Encyclopedia of Jazz Musicians
Yamaguchi, Masaya, guitarist, educator, author; b. Nagano, Japan, 18 July 1970. Masaya was born as a second son in Nagano at birth and bred in Tokyo, Japan. He started playing the guitar around 14-16 in rock/pops style. He felt interested in jazz by a TV commercial [of Suntory, Japan's renowned distiller], which featured the jazz bassist, Ronald Carter. After that, he made his first purchase of a traditional "4-beat" jazz album, which was John Coltrane's "Giant Steps." At the age of 20, Masaya changed his guitar style completely into jazz under the influence of John Coltrane. He developed his own guitar style by inventing the perfect 4th tuning (E, A, D, G, C, F- from the bottom to the top). He also began to explore all the possible scale formations in twelve tones while majoring in English at Meikai University, Chiba, Japan (B.A. 1994). At the age of 26, he decided to study in the jazz program at the City College of New York where his idolized figure, Ron Carter directed. During his college years, he performed with Chico O'Farrill's son, Arturo O'Farrill in graduate jazz ensemble, whereas he was tormented by tendonitis and unhappiness with some of his studies, and professionally began to transcribe the recorded performances by John Coltrane, Charlie Parker, George Benson, etc. In 1999, Masaya became the first native Japanese who completed their Master program in jazz performance from the City College of New York (M.A. 1999).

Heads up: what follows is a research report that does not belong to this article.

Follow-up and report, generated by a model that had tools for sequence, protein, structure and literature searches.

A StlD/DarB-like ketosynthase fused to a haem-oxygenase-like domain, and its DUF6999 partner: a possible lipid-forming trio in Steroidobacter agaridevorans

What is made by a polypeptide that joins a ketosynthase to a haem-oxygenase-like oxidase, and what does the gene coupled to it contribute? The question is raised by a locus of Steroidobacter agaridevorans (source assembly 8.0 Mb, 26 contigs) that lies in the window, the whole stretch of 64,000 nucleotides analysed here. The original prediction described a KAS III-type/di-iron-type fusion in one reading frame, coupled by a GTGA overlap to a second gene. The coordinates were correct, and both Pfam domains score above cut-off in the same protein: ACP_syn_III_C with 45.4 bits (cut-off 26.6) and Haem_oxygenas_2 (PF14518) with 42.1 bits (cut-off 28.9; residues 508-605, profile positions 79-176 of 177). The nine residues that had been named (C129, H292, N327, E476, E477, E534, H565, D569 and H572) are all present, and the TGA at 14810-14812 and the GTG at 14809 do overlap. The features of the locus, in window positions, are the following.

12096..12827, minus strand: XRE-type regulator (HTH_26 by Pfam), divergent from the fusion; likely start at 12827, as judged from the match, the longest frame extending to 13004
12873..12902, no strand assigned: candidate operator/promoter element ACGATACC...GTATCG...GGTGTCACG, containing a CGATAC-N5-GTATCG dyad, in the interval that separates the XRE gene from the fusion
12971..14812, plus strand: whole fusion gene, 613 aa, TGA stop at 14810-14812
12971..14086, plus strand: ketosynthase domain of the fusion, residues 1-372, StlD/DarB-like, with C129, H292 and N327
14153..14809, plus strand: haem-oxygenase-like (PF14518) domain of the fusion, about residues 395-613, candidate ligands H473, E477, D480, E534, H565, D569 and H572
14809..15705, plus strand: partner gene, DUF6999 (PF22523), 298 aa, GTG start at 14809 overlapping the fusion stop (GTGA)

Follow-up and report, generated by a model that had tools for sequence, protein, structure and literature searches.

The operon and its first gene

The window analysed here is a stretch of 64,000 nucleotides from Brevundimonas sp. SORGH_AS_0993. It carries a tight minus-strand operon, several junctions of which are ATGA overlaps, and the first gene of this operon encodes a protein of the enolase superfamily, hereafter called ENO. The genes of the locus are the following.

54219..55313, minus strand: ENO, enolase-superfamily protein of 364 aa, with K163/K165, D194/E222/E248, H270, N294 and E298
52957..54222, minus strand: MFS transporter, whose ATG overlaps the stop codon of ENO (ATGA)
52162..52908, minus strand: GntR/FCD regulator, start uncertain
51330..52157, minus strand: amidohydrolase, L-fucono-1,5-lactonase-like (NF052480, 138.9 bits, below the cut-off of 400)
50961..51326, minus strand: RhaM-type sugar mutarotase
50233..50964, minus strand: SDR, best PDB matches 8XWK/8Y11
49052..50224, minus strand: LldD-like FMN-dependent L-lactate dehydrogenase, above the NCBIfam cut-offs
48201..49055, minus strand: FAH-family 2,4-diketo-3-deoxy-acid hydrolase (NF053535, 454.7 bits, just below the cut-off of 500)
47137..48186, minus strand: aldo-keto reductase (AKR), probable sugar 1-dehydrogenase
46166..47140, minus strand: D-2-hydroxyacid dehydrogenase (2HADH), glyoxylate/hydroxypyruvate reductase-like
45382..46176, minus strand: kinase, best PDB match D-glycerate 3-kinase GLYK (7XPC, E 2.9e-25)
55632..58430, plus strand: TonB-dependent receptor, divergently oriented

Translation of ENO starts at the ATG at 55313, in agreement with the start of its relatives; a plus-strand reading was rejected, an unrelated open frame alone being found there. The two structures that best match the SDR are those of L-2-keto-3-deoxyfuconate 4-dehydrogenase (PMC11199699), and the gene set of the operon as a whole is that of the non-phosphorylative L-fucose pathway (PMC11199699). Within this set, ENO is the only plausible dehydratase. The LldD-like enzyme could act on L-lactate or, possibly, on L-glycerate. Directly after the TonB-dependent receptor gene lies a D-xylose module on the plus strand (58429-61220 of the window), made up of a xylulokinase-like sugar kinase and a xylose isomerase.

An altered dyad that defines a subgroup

Yamaguchi is not only a musician but also a conceptualist who established his own system to explore the imaginative formation of musical scales by "The Complete Thesaurus of Musical Scales." The concept is revealed in many of his writings and compositions. He remains active as an author, guitarist, transcriber, translator, and educator in and around New York City.
Works by Yamaguchi:
The Complete Thesaurus of Musical Scales (Charles Colin Music Publications, 2000)
Symmetrical Scales for Jazz Improvisation (Charles Colin Music Publications, 2001)
The Pentatonicism in Jazz: Creative Aspects and Practice (Charles Colin Music Publications, 2002)
John Coltrane Plays Coltrane Changes (Hal Leonard Corporation, March 2003)
"Note Groups of Limited Transposition: A Key to Unlocking Multitonic Change Possibilities," Down Beat, September 2000.
A Creative Approach to Multi-Tonic Changes: Beyond Coltrane's Harmonic Formula, <Edited by Jason Sweet, Henry Martin> Annual Review of Jazz Studies 12, 2003